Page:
A Tour of Moonrise, Part 4

Our final tour of Moonrise includes the fore and aft parts of the cabin: the v berth and the quarter berths.

This photo shows the wooden grates I installed to level the floor and provide extra storage in the head.

In the photo, you are looking toward the front of the boat. This berth is as wide as a king size bed at the head and narrows down to about a twin size at the foot. As beds go, this one is really comfy. We replaced the foam with high density foam and then put a memory foam mattress topper on top. Once in the bed, we don’t want to get out because it is so very comfortable. (The memory foam topper is not shown in the photo. We also have the filler piece that creates one large mattress that goes all the way across.)

The master cabin has a cabinet for clothing storage, which is to the right in the photo. This cabinet holds a ton of clothes. That cabinet used to be a hanging locker, but it was a terrible waste of space. So I added shelves. I may not have commented about this before, but non-boaters need to understand there is nothing simple about adding shelves in a boat. The back of the cabinet follows the hull of the boat. The hull is curved. Think about it for a minute. I was happy when this project was complete!

This cabinet was a difficult but satisfying project. It’s much deeper than it looks. I can stick my entire arm in there.

Across the boat from this cabinet is a smaller cabinet and the storage space for the holding tank. The small cabinet holds Mike’s drill, and our liquor.

Another thing I like about the master cabin is the shelf that runs along each side of the berth. We use them like bedside tables at home. I can keep my water bottle, my book,  all those little things I might want in the night right there. All the comforts of home pretty much. Plus the gentle rocking of a boat at anchor. Each side of the berth has its own reading light.

In the aft part of the boat are the two quarter berths.  One of the projects I’ve done on the boat is to create storage for our sailing boots, hats, and gloves in the starboard side area. This has worked to make it easy to get to these things right before you go up on deck.

Quarter berth with storage.

This was another project that challenged my ‘carpentry’ skills. But it turned out well and you can see it in the photo above. I used a bull-nosed piece of oak.  I planned this area to make preparing to go up to the cockpit during foul weather easier. I also wanted a place to hang our jackets, sunglasses, etc, right by the hatch. With the seat right there, we have a place to sit down to put on said hats, gloves, and sailing boots, and the berth is still fine for sleeping.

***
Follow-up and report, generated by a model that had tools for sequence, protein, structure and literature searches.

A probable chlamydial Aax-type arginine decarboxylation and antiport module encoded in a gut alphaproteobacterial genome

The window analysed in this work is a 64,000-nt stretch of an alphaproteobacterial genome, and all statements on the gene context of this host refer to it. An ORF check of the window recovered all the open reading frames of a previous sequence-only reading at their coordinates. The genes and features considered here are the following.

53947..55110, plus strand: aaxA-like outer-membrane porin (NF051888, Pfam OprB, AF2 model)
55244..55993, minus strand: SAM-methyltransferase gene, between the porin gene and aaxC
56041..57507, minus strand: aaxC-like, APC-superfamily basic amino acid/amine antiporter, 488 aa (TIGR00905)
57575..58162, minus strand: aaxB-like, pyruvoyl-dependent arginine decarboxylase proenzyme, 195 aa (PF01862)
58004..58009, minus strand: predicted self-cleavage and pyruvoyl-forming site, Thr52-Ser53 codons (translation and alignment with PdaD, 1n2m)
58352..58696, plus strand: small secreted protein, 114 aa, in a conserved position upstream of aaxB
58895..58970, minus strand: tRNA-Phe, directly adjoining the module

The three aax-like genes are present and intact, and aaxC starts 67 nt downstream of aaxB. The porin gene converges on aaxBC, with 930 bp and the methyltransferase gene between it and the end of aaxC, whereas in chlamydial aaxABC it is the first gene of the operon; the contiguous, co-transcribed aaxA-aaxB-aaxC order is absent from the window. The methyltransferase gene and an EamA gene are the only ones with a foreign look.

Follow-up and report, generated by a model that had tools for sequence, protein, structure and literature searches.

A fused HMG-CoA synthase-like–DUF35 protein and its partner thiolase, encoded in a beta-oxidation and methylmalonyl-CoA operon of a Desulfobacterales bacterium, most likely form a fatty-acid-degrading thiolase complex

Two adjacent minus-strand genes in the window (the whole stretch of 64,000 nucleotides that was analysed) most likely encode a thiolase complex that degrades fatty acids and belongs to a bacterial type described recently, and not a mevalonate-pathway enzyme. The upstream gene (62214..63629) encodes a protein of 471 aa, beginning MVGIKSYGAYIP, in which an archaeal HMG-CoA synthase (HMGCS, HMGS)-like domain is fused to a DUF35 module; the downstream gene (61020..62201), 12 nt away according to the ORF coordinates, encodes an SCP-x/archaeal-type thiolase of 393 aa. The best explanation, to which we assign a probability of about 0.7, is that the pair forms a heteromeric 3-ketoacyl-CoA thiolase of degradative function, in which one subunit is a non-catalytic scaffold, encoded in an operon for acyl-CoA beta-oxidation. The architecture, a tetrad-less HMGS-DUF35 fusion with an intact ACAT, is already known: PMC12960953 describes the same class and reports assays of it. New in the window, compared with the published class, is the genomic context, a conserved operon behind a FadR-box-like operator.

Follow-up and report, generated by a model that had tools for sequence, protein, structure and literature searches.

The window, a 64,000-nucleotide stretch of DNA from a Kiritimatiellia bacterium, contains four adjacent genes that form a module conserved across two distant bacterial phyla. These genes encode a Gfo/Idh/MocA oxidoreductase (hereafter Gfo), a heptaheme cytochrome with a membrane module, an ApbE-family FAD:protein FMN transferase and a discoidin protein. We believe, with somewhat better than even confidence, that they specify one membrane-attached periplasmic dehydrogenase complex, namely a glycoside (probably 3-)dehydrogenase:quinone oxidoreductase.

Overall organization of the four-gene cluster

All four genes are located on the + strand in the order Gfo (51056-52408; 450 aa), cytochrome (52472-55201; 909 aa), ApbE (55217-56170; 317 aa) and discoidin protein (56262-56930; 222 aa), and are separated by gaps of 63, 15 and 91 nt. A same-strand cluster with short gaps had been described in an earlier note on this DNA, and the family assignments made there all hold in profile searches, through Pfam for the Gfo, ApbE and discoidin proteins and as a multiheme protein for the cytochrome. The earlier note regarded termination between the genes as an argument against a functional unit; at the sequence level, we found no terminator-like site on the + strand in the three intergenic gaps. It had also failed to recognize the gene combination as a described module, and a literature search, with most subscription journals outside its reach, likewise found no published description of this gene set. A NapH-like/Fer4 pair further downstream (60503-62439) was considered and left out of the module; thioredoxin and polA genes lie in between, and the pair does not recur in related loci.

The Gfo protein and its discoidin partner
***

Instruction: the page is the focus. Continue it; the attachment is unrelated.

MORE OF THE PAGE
On the port side of the boat is another quarter berth where we store all of our tools, the radio, and other electronic devices. We have hooks for hanging life jackets close to the hatch, and a shelf for phones, chargers, and other small electronics. Our son uses the port side berth when he is aboard. He is just about 6 feet tall and he has plenty of room.

The berth to port has places for the electronics, storage for tools and parts, and it is also a comfortable berth when needed.

If you have a Cal 34, we’d love to see photos of your boat.




3 thoughts on “A Tour of Moonrise, Part 4

  1. I have a 1969 Cal 30 TM and the similarities are amazing. I purchased the Cal 30 due to the two quarter berths which house the twin girls when we are away. I have never had to convert the table to a berth. Storage is lacking with the 4 feet missing as I don’t have the cloths storage in the v-berth. I’ve installed 110 shore power, removed the gimballed pressurized alcohol stove/oven and put in an Origo non-pressurized 2 burner stove and a microwave beneath it. I love my dining set up and the section of cushion that you removed is my favourite seat…..different strokes.

    I have a tiller with a tiller pilot (best purchase ever). I installed a buss heater running off of the diesel engine…..great for the Carol Ship Cruises. I added a portable ice maker which makes ice fast enough to keep my ice box supplied.

    Still lots to do. I want a larger boat by the time I retire. I really like the Fraser 42 with the center cockpit.

    Anyway, keep your mast pointed skyward and may the winds be with you.

    • Thanks for visiting the site Robert. The Cal 30 and Cal 34 are eerily similar in many respects including draft and performance. But as you mention that extra bit of storage is missed on longer cruises, and that is one of the main reasons we want to upgrade for our longer range cruising plans.

      I like the improvements you have made. The auto pilot would be our next big improvement on Moonrise if we were to keep her. I have heard that bus or semi truck heaters are really great and are somewhat cheaper for the lack of the word boat in their name. Our Dickenson Bristol stove was very warm but just doesn’t offer the fine control that a dedicated heater can deliver.

  2. Pingback: A Tour of Moonrise, Part 3 | Little Cunning Plan

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